SAN DIEGO ─ Although it's present in only a tenth of all patients who are admitted to the hospital, sepsis contributes to up to half of all hospital deaths in the U.S., according to a study presented at the American Thoracic Society's annual conference here.
Although many studies have examined the incidence and mortality of patients diagnosed with sepsis in the U.S. over time, the study authors say that so far, the impact of sepsis on overall hospital mortality has been poorly understood. THe data were also published simultaneously as a research letter in JAMA.
"Our study was designed to quantify the national impact of sepsis on hospitalized patients and to highlight the importance of sepsis care on mortality at a population level," said study lead author Vincent Liu, M.D., M.S, of the Kaiser Permanente Northern California Division of Research.
Theodore Iwashyna, M.D., senior author of the study and a University of Michigan Health System and VA Ann Arbor critical care physician, says, "Although patients may have been weakened by heart disease or cancer or other chronic diseases, it is often sepsis that leads to their death. Preventing death from sepsis is a core strategy for improving care for many, many conditions -- conditions that people might think are not related to acute infections."
For their study, the researchers conducted a retrospective analysis of 6.5 million hospital discharge records derived from the Healthcare Cost and Utilization Project Nationwide Inpatient Sample (NIS) in 2010. The NIS is the largest publicly-available, all-payer inpatient database in the U.S., containing data from 100 percent of hospital discharges from a stratified sample of community hospitals.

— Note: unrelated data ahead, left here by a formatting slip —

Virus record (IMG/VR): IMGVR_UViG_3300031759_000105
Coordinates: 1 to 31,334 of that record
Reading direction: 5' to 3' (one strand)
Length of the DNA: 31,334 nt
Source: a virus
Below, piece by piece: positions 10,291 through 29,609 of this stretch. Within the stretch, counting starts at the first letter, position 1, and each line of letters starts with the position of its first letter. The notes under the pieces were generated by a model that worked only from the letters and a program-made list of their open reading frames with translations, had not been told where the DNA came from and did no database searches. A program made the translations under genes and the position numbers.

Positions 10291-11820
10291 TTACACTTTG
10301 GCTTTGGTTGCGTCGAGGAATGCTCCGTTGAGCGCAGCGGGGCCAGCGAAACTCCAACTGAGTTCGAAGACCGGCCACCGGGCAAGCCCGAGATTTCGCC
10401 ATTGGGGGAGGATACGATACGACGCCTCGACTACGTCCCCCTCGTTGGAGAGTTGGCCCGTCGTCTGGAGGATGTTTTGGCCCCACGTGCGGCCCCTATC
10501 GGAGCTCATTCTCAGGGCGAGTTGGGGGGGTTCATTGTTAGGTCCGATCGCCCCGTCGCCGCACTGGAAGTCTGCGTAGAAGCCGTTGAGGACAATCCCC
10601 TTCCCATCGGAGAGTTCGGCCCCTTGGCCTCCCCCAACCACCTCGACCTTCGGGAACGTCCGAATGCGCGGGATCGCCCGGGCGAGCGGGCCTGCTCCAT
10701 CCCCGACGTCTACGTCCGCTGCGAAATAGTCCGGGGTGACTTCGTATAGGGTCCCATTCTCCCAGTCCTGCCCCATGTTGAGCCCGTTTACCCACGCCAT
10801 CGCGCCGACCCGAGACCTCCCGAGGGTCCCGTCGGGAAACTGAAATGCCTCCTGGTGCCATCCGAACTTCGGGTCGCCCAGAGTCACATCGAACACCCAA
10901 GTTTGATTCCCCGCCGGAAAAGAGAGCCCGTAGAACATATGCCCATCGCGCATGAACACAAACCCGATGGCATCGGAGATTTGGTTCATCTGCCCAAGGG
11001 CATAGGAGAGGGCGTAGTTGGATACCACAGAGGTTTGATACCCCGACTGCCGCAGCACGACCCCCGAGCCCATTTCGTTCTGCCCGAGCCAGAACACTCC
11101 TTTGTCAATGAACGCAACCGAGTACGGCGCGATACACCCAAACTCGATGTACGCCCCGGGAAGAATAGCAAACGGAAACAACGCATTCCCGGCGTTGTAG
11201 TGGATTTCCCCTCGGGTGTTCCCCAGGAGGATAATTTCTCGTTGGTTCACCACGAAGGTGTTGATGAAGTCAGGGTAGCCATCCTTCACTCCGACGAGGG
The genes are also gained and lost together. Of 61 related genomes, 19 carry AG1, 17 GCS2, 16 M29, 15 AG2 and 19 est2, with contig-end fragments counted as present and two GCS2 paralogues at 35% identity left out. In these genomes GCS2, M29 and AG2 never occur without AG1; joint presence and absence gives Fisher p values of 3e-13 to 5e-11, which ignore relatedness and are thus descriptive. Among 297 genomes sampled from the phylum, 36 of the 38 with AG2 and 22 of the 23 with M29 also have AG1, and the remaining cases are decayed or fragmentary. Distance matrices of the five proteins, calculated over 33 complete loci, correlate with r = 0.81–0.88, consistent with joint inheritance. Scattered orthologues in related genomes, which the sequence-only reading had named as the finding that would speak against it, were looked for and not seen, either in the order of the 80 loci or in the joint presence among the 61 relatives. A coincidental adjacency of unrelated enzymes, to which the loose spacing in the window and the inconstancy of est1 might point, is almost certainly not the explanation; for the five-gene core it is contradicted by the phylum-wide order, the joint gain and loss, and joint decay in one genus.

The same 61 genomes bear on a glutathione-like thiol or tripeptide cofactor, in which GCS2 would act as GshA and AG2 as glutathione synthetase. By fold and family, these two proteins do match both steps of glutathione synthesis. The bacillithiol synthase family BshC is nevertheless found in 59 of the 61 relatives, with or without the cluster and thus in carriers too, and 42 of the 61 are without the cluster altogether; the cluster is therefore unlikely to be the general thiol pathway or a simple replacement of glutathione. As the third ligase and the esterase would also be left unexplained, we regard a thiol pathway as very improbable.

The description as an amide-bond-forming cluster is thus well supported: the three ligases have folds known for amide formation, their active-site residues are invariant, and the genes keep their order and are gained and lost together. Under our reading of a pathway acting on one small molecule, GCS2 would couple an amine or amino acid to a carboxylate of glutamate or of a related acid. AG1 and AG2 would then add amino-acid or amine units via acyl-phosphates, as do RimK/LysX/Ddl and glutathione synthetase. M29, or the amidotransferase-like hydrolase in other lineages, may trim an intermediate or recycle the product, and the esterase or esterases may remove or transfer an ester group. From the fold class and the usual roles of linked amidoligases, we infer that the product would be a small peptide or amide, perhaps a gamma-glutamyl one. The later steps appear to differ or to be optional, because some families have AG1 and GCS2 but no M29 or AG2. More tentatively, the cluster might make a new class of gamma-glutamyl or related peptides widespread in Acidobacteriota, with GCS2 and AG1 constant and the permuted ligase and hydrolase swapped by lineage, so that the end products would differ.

Using diagnosis and procedure codes, the researchers identified hospital admissions and deaths of patients with sepsis and estimated the percentage of total hospital charges associated with sepsis hospitalizations.
At the end of their analysis, they found that sepsis patients had a hospital mortality rate of 10.4 percent compared to a rate of 1.1 percent in patients who did not have sepsis. They also found that of all hospital deaths nationally, as many as 52.0 percent were among patients diagnosed with sepsis. Sepsis hospitalizations also contributed to 21.2% of all hospital charges.
Sepsis is a serious medical issue in the U.S., affecting as many as 750,000 hospitalized patients in the U.S. annually, according to data from the Centers for Disease Control and Prevention (CDC). Between 2000 and 2010, deaths due to septicemia increased 17% despite an overall decline in overall hospitalization rates, and hospital deaths due to septicemia increased from 45,000 to 135,000 during the same period.
According to the Agency for Healthcare Research and Quality (AHRQ), sepsis is the most expensive cause of hospitalization in the United States, accounting for more than $24 billion annually.
"We were surprised to find that as many as 1 in 2 patients dying in US hospitals had sepsis. Teasing apart these findings in a similar regional study of sepsis mortality at Kaiser Permanente Northern California, we found that most patients already had sepsis at the time of hospital admission. There was also a large number of patients with less severe sepsis, a group for whom treatment guidelines are less well-defined," Dr. Liu said. "The results of our study suggest that improved care for sepsis patients of all severity levels and in all hospital settings could result in many future lives saved."
Iwashyna, an associate professor in the Pulmonary and Critical Care division of the Department of Internal Medicine at the U-M Medical School, is a member of the U-M Institute for Healthcare Policy and Innovation, the U-M Institute for Social Research, and the VA Center for Clinical Management Research at the Ann Arbor VA.
Reference: ATS 2014 Abstract 50626 and JAMA doi:10.1001/jama.2014.5804
Funding: The research was supported by the Permanente Medical Group, the Kaiser Foundation Hospitals and Health Plan, the Gordon and Betty Moore Foundation, and U.S. Department of Veterans Affairs Health Services Research & Development grant IIR 11-109.